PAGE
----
The Legacy of Heorot

The Legacy of Heorot

infobox Book |
name =
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author = Larry Niven, Jerry Pournelle and Steven Barnes
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language = English
series =
genre = Science Fiction & Fantasy
publisher = Simon & Schuster
release_date = 1987
english_release_date = July 15, 1987
media_type = Print ()
pages = 368
isbn = ISBN 978-0671640941
preceded_by =
followed_by = Beowulf's Children

"The Legacy of Heorot" is a science fiction novel written in 1987 by Larry Niven, Jerry Pournelle and Steven Barnes. Noted reproduction and fertility expert Dr Jack Cohen acted as a consultant on the book, designing the novel life cycle of the alien antagonists, the grendels.

This is the first book in the Heorot series. It concerns the establishment of the first human colony on Avalon, fourth planet of Tau Ceti.

Plot summary

Two hundred colonists arrive on Avalon to found a new community, having made the 100-year journey from Earth in suspended animation on the starship Geographic (the expedition is funded by the National Geographic Society). The colonists, all selected for their outstanding physical and mental attributes, make a terrible discovery: though the suspended animation technology permitted them to survive the journey worked well enough, it had unforeseeable side effects due to the unprecedented duration of its use. Their intelligence and reasoning skill are damaged. Some are only mildly afflicted, while others have severe mental retardation. One of them was once a great physicist, but now has the mind of a prepubescent child. Eight of the colonists could not be reanimated at all. The book opens with the colonists learning how to live without the sharp and nimble minds they all once had.

At first all seems well, as the colonists build a town on the small island of Camelot and begin growing crops and stocking the nearby waters with terrestrial species of fish to complement the "samlon", a local aquatic species. The island seems like a paradise, and the colonists quickly become overconfident in their security, much to the frustration of the expedition security officer (and only former soldier), Cadmann Wayland.

But then unsettling events begin to happen: missing animals, fences torn down, etc. The colonists' impaired minds prevent them from properly analysing what is going on, and in a panic Cadmann is blamed, accused of deliberate sabotage to further his agenda. However, when a baby and its mother are killed while Cadmann and his only supporter are away on a hunt for the creature he believes is the cause, the colonists become increasingly irrational. When he returns alone (His companion having been killed during the hunt), badly wounded, and with a chunk of burnt tissue that the colonists determine to be samlon meat, he is drugged and restrained - completely helpless when the creature attacks the camp in revenge.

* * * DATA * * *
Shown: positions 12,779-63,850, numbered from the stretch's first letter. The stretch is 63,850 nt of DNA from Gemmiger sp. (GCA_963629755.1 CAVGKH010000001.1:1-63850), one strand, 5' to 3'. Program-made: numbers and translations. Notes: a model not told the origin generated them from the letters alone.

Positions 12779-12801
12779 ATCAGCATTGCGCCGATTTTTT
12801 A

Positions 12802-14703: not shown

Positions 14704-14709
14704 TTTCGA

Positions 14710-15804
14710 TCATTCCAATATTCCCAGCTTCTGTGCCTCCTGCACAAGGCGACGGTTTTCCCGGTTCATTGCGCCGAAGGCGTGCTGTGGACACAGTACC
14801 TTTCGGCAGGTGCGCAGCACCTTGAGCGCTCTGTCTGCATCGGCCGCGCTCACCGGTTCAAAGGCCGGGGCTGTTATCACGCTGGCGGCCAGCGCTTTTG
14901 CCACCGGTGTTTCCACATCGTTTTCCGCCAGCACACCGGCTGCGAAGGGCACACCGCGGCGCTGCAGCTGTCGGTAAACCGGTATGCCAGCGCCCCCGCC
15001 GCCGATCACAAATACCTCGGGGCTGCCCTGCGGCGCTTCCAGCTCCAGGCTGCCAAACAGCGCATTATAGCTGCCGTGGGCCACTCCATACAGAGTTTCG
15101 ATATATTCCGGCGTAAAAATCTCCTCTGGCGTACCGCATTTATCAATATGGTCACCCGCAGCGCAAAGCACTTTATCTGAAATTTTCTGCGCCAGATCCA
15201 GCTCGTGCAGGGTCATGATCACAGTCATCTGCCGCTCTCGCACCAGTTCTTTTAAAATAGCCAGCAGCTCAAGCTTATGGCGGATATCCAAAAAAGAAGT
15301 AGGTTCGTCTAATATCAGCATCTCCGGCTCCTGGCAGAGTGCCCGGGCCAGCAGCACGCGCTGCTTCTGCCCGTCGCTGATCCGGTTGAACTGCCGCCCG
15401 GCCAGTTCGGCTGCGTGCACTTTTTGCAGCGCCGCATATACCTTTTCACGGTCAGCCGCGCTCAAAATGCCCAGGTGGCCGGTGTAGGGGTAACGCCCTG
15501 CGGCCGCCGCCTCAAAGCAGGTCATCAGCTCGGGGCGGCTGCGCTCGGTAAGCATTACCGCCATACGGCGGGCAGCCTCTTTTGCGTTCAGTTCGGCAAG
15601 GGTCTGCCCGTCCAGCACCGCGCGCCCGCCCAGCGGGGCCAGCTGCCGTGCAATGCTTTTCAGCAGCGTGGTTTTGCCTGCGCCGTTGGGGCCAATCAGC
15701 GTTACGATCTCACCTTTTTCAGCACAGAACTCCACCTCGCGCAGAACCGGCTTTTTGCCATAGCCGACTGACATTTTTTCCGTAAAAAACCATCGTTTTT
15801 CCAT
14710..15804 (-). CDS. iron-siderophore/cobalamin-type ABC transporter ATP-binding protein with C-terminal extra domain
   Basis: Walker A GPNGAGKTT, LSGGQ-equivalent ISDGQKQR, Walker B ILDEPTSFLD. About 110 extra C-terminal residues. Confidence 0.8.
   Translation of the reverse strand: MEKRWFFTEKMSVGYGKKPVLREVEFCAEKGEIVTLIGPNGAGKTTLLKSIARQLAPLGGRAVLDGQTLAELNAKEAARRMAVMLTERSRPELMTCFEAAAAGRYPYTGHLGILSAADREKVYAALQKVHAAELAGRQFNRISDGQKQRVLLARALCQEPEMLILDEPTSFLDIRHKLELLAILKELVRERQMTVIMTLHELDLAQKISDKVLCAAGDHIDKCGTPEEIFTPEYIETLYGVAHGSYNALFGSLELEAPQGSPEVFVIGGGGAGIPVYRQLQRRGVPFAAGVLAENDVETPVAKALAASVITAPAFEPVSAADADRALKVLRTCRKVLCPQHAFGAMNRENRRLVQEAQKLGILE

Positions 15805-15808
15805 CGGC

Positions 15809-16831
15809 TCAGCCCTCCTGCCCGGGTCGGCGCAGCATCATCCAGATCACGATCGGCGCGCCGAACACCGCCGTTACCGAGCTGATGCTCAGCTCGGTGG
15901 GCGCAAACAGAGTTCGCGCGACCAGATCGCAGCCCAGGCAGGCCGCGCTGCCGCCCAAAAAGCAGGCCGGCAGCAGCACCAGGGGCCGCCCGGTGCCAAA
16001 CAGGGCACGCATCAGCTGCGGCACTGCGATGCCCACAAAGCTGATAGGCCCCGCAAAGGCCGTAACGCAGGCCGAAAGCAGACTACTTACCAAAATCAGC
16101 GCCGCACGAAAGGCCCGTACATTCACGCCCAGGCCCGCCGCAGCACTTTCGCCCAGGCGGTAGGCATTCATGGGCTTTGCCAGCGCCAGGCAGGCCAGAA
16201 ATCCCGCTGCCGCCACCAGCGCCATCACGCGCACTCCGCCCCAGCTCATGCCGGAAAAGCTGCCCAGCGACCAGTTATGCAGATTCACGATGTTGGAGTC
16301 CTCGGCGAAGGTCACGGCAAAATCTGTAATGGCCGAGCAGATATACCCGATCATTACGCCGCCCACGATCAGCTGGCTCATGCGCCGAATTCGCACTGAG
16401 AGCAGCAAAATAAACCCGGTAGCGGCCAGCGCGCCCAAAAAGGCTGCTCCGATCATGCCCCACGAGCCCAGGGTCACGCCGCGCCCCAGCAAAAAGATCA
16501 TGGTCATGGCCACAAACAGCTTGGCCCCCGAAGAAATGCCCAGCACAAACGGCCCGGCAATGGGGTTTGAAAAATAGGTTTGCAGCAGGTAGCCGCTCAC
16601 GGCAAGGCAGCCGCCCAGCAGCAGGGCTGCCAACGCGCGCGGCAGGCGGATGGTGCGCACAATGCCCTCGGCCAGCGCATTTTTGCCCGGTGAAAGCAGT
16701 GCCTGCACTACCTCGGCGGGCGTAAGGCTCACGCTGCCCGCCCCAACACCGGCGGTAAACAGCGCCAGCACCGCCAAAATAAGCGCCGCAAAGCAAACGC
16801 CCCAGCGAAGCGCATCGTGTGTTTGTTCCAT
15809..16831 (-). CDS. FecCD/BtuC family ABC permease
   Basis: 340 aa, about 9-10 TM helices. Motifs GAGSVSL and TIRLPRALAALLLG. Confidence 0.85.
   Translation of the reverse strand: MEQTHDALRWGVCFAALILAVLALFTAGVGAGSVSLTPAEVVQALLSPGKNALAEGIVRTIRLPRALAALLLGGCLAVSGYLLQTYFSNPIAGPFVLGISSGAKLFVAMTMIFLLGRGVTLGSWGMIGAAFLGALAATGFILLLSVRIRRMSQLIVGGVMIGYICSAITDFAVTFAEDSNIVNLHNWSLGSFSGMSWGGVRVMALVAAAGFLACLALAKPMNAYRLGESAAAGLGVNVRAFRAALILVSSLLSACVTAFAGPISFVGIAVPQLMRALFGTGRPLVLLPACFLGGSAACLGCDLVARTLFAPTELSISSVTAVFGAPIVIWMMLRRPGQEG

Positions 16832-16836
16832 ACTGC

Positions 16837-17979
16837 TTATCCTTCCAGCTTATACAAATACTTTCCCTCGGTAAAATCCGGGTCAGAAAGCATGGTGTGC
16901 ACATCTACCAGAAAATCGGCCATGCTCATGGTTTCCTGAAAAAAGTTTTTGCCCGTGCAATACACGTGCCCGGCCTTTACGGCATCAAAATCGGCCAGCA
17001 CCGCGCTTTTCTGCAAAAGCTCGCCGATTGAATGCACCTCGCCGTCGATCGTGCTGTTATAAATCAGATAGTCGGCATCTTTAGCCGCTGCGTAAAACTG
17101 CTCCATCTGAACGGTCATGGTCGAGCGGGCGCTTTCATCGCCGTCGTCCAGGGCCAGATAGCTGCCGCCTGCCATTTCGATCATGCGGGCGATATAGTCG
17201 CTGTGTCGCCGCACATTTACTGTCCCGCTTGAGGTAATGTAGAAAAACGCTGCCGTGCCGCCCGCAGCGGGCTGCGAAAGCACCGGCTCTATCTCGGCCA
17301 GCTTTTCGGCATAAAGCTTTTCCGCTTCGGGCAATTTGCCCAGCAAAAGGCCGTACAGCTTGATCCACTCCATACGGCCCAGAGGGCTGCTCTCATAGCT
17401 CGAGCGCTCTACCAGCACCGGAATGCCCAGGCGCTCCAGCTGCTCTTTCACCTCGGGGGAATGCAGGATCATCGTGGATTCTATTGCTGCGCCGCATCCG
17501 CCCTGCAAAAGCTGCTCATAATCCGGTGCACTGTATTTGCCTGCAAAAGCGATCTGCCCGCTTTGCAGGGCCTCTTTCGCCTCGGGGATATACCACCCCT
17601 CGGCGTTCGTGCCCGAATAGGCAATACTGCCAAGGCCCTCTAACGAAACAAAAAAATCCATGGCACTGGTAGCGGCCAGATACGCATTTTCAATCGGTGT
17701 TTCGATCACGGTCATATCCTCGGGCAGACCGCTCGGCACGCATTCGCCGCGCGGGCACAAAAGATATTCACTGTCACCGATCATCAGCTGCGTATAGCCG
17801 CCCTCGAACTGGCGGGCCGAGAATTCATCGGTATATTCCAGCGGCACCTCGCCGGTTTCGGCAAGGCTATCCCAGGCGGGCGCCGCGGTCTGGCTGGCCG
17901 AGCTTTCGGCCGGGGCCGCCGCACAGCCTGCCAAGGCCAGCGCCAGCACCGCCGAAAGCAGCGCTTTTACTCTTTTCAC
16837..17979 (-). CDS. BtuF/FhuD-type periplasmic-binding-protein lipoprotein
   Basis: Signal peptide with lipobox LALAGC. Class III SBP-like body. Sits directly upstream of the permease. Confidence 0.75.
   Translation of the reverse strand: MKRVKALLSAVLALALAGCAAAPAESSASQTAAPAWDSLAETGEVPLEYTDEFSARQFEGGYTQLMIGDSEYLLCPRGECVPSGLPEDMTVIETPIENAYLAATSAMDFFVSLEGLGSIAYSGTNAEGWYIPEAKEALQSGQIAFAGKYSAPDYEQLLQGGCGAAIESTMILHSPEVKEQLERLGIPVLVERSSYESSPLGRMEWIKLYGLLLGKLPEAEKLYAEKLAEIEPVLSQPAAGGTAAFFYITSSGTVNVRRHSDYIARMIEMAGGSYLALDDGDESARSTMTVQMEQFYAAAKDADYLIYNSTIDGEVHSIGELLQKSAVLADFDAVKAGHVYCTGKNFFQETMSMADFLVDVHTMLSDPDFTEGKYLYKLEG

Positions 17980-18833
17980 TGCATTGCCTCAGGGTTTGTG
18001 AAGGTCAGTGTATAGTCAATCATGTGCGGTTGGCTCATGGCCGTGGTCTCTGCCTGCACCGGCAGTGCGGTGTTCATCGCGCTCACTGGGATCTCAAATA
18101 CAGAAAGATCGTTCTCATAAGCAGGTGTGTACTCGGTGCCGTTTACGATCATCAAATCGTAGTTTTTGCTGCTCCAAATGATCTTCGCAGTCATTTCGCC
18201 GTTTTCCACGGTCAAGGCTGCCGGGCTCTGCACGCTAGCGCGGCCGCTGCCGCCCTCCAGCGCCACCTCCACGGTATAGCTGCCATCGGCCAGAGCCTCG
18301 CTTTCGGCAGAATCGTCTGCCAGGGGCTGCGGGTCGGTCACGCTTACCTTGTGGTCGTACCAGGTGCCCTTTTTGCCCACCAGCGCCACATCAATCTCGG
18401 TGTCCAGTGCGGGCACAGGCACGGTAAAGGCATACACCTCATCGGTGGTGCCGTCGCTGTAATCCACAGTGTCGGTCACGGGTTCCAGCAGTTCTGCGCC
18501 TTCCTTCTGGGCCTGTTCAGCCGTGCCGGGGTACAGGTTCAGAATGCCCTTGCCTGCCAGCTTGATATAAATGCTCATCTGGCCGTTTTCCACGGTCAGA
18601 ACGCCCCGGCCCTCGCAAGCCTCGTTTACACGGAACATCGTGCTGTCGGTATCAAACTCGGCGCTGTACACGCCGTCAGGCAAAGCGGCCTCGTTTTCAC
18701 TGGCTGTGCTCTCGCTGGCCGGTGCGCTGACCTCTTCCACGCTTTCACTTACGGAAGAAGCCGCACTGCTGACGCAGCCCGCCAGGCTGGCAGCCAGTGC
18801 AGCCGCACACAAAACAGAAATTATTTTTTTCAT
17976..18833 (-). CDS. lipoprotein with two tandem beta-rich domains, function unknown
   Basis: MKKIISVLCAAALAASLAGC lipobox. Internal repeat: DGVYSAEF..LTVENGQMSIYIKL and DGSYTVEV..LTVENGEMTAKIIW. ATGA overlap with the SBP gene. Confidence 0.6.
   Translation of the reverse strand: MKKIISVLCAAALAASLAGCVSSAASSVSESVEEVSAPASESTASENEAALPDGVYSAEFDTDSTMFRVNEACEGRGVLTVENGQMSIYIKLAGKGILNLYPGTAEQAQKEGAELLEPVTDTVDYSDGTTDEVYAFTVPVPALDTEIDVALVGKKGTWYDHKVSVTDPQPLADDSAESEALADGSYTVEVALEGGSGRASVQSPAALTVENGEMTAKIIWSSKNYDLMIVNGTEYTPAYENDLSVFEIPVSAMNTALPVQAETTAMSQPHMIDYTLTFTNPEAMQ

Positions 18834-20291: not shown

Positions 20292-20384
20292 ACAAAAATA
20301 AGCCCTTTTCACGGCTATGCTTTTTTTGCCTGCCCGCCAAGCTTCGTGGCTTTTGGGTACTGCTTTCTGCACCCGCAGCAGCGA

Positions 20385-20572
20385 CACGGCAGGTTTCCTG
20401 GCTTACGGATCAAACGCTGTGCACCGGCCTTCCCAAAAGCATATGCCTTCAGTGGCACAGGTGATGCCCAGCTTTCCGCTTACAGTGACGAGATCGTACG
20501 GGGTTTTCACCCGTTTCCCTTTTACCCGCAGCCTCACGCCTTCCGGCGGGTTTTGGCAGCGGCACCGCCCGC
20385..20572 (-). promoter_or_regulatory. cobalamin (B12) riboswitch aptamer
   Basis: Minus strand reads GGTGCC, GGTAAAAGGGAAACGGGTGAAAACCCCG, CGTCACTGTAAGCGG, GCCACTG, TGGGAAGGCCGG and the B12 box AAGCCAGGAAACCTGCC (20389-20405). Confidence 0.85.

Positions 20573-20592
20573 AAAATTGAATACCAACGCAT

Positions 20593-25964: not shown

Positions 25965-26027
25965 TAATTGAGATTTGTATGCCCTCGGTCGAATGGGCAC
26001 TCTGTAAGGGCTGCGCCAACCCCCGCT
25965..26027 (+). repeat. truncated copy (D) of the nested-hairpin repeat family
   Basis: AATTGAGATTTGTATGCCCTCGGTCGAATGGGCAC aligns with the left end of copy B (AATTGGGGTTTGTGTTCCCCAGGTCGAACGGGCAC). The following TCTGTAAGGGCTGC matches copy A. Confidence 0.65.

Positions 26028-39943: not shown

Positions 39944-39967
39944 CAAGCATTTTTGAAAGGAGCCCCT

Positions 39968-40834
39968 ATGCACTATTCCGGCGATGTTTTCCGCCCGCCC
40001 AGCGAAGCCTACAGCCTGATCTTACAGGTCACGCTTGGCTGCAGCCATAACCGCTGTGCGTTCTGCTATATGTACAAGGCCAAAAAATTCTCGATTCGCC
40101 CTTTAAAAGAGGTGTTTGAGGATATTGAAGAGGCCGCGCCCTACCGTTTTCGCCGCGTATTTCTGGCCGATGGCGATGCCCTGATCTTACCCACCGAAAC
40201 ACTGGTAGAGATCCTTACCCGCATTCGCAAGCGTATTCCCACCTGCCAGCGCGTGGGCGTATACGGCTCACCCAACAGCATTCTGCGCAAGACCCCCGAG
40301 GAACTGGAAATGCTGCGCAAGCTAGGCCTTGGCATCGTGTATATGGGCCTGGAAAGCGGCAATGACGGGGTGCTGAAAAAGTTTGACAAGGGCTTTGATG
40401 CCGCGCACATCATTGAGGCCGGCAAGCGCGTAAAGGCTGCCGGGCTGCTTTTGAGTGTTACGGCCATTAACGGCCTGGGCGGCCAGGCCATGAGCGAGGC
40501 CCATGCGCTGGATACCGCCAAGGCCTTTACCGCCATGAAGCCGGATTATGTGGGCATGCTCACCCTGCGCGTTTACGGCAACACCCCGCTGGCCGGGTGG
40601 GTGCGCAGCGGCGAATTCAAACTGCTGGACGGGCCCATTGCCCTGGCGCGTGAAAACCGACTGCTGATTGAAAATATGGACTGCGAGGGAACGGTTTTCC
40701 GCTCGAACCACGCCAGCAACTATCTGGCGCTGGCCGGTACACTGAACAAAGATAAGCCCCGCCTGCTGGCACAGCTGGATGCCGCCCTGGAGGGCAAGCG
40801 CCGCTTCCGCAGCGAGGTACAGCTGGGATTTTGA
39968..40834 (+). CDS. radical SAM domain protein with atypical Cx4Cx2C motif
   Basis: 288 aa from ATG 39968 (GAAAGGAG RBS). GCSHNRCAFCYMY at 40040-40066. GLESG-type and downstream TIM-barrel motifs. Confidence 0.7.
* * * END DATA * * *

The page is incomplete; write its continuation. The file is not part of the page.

Despite the colonists' advanced weapons (fully automatic machine-guns, slug shotguns, even flame-throwers) and larger numbers, ten people are killed just to drive the lone, gravely wounded creature away. This proves to all the colonists that there is a deadly and efficient predator native to the island. Cadmann, however, is now completely unwilling to assist the community that mocked, demonised, and finally left him helpless to be killed by the creature.

He leaves the colony to set up a homestead on a bluff further up the mountain that forms the basis of the island, hunting the island's only large animal life for food, and spending the rest of his time in wallowing in despair, hatred and moonshine liquor. He is completely disillusioned with committees and short-sightedness, and when a woman joins him in the hopes of persuading him to return, he demands her fealty as long as she stays - every kind of fealty a man can possibly get from a woman. She stays, and after she conceives his child, he has an epiphany: the colonists may have brutalized and betrayed him, but their children are innocent, and deserve to be protected. Thus she is the reason he decides to return and lead the fight against the Grendels.

He makes it clear that he is not interested in the day-to-day workings of the colony, only its defence. If the colonists want his assistance, they will have it only as long as they accept it - if they reject it even once he will leave and never return. The deal is made, and preparations for conflict begin.